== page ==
The porter

By | August 15, 2014

He was a porter on the trains. For twenty years, his job was to carry people’s luggage to the trains, make sure it stays on the train and get it back to them. It was like having your own butler on the move. It was a difficult job, sure, but it was a job. It paid a wage and kept his family going. Then came the liberationists. Those who looked at him with pity. Those who thought that his job was void of any human dignity, that dignity that was a basic human right. “How could we degrade another fellow human to behave as a slave?” they said. Those voices got louder by the day, then the newspapers caught up and made them even louder. It got loud to a point where the government intervened and made it illegal for anyone to pay another man to carry his luggage.

The headlines were splashed on front pages, “Freedom for the oppressed, dignity for all”, “No more porters”,”Porters can be human again” and such. The rail company called all porters the next morning and told them it had no other jobs for them, so they had to let all of them go. “But how do we feed our families”, they asked. There was no answer.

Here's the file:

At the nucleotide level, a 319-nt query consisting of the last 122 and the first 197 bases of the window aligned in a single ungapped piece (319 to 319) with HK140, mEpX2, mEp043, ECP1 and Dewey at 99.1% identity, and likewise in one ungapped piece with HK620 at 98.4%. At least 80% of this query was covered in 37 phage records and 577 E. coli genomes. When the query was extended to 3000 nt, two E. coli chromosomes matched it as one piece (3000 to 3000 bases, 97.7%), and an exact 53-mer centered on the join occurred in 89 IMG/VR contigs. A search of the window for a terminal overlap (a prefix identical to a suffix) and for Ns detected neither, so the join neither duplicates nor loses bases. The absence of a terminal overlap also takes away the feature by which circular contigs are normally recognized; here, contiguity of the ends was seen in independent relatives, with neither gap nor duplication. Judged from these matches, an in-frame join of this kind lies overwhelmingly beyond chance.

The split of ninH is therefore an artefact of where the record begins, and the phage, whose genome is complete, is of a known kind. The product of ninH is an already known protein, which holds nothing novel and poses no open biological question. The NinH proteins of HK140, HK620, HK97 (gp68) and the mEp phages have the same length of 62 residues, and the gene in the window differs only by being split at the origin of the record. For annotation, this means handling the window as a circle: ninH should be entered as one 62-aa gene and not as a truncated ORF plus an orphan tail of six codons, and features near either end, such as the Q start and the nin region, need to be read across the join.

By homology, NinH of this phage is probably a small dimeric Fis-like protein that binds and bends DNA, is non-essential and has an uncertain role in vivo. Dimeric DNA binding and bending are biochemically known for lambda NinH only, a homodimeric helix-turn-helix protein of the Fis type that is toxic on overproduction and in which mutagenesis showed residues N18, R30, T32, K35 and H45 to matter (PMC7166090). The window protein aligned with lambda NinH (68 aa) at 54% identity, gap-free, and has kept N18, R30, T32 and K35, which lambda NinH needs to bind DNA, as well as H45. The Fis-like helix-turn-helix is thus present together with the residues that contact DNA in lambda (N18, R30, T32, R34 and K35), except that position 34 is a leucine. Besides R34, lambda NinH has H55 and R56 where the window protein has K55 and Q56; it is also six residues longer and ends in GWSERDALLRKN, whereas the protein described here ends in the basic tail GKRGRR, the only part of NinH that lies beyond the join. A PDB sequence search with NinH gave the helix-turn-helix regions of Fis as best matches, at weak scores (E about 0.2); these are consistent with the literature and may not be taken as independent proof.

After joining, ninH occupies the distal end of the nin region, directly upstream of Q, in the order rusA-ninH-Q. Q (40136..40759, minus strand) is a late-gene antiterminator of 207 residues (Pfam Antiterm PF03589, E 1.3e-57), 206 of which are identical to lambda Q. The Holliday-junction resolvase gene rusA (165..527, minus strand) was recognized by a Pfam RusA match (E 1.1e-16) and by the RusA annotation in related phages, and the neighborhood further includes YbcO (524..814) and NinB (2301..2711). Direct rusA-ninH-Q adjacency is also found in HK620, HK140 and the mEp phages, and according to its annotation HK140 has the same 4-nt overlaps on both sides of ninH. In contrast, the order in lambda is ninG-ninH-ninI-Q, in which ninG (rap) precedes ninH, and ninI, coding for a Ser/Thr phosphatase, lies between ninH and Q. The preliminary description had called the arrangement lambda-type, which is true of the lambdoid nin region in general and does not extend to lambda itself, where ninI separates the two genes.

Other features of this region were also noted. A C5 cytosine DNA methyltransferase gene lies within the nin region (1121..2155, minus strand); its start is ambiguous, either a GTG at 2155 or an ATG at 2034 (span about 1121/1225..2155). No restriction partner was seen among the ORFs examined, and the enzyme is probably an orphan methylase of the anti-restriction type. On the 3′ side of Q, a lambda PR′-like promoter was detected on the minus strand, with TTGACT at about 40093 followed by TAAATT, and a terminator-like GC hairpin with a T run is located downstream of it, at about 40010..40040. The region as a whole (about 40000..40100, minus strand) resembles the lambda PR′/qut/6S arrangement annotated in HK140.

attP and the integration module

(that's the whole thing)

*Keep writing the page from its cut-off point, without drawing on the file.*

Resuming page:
When he went home that day, his little daughter asked him what freedom meant. “It’s all we have now” was his reply.

Next morning, hidden somewhere on the last page of a newspaper were 4 lines about a family found dead in their house. Father, mother and 3 kids. No note was found, the police had said, only the front page of yesterday’s newspaper.

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